1/ Participation tax rates for a transition into full-time work for persons receiving unemployment benefits at the initial level. It measures how much the gain from working is reduced(or taxed away) after taking into account the loss of net income from higher labor taxes and reduced benefits.2/ excl. Mexico.Source: OECD.

30. Skill mismatches appear important amid mixed education outcomes. Despite relatively strong participation in education, mismatches exist both in terms of the degree of educational attainment needed within a profession/sector and in terms of training in the right profession or sector. All three Baltics score worse than average with respect to skill mismatch. Skill mismatches and educational attainment also interplay with regional divides. For example in the case of Lithuania, rural unemployment—which is much higher than urban unemployment—is concentrated in workers with below-tertiary education.

31. Training and active labor market policies to address mismatches are not widespread. Spending on active labor market policies (ALMPs) amounted to 0.5 percent of GDP in the Baltics, compared with over 2 percent in the Nordics. Of this, only 0.1 percent of GDP was spent on training in the Baltics—less than half that in the Nordics. Moreover, “passive” forms of labor market support, including out-of-work income benefits and (in the case of Latvia and Lithuania) early retirement, account for a significant share of total ALMP spending in the Baltics. Low spending does not appear to be the result of high efficiency of ALMPs, but rather reflects very low participation in these programs. Longer-term averages of unemployment (especially for youth) seem to show a negative correlation with spending on ALMPs, indicating their potential in addressing skill mismatches.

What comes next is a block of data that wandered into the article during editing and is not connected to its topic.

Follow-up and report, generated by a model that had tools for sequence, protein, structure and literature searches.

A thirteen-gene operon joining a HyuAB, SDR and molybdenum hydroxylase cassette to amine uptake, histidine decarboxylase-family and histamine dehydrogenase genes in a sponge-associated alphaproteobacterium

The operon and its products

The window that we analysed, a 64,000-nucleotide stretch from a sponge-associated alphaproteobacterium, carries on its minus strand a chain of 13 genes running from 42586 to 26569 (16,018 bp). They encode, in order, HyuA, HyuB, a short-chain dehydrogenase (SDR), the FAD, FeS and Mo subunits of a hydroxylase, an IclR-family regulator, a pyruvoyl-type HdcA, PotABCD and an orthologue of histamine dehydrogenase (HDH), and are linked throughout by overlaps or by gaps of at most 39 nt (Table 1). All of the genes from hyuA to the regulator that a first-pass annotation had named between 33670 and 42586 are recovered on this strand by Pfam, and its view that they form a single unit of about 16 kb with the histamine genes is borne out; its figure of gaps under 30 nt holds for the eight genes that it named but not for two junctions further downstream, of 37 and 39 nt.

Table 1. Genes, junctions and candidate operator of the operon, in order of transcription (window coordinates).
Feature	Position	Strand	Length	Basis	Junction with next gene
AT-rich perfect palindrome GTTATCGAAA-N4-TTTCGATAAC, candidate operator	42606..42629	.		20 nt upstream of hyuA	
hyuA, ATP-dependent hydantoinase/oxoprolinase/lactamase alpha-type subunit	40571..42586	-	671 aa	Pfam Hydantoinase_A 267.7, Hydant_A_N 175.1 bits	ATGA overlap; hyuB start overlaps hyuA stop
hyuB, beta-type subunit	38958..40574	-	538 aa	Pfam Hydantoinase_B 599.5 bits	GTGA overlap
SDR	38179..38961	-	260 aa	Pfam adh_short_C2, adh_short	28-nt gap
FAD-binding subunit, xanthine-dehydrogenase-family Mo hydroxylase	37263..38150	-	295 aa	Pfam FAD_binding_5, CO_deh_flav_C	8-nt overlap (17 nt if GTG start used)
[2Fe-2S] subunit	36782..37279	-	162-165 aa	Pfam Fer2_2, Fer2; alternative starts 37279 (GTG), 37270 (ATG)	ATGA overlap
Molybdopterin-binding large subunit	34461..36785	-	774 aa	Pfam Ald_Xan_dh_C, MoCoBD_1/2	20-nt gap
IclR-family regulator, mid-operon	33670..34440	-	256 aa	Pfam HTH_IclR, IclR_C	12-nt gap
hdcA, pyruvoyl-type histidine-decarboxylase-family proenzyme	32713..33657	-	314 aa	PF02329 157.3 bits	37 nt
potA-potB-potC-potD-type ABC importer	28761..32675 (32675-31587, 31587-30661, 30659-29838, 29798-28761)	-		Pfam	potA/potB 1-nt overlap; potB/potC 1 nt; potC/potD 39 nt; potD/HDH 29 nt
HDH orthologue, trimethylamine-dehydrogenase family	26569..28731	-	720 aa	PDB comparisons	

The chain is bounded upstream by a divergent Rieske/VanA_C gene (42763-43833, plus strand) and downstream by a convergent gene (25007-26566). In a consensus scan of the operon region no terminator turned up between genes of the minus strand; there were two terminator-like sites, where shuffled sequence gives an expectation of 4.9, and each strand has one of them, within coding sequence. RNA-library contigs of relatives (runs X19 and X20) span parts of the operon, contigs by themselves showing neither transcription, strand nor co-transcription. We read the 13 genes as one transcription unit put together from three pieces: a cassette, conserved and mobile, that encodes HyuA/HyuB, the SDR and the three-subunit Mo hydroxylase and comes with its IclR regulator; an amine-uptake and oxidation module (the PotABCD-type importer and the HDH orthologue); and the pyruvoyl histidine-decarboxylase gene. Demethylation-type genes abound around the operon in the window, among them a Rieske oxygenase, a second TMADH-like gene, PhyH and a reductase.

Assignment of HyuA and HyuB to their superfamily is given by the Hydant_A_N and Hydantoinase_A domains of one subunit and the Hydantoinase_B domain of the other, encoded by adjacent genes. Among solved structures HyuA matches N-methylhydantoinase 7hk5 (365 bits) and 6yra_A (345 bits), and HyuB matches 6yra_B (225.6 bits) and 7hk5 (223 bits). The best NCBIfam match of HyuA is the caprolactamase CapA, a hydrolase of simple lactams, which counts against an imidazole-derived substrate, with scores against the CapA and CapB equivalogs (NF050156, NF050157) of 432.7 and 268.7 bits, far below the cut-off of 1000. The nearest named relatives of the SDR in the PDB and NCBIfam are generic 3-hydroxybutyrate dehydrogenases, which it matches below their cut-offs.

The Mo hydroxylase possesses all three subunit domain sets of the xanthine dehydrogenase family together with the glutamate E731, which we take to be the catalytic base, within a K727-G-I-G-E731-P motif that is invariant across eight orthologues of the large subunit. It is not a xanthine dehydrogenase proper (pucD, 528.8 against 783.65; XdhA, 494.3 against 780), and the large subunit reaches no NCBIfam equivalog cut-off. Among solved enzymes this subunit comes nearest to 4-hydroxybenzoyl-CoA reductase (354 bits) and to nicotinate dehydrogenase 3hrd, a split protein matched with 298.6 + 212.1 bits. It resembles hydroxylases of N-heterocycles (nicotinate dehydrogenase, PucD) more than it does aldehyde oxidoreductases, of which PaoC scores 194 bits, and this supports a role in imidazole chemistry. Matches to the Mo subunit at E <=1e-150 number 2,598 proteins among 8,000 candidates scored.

32. The authorities agreed that structural unemployment was high, although views differed on the precise level. The Latvian and Lithuanian authorities agreed that current levels of unemployment mostly reflected structural factors, while the Estonian authorities felt that the NAIRU was probably somewhat below staff’s estimates. Still, they agreed with staff that structural unemployment is likely high. The authorities from all three countries felt that skill and education mismatches were important contributing factors, and that the tax wedge could be an issue, especially for lower-income earners. The Estonian and Latvian authorities felt that skill mismatch was a key cause of high structural unemployment in their country, and emphasized the role played by the opening of the EU common labor market and the impact this has had on labor markets and migration.

Policy Agenda

33. The Baltics have made significant progress since independence in transforming their economies. This progress is a testament of their willingness to undertake deep reforms. The post-crisis policy response has led to a number of other reforms, including to fiscal and macroprudential frameworks. Structural reforms have also continued. Against this background of progress and relative success, new policies will need to be adopted to cope with the challenges posed by a rapidly changing global economy, euro area membership, and demographic trends.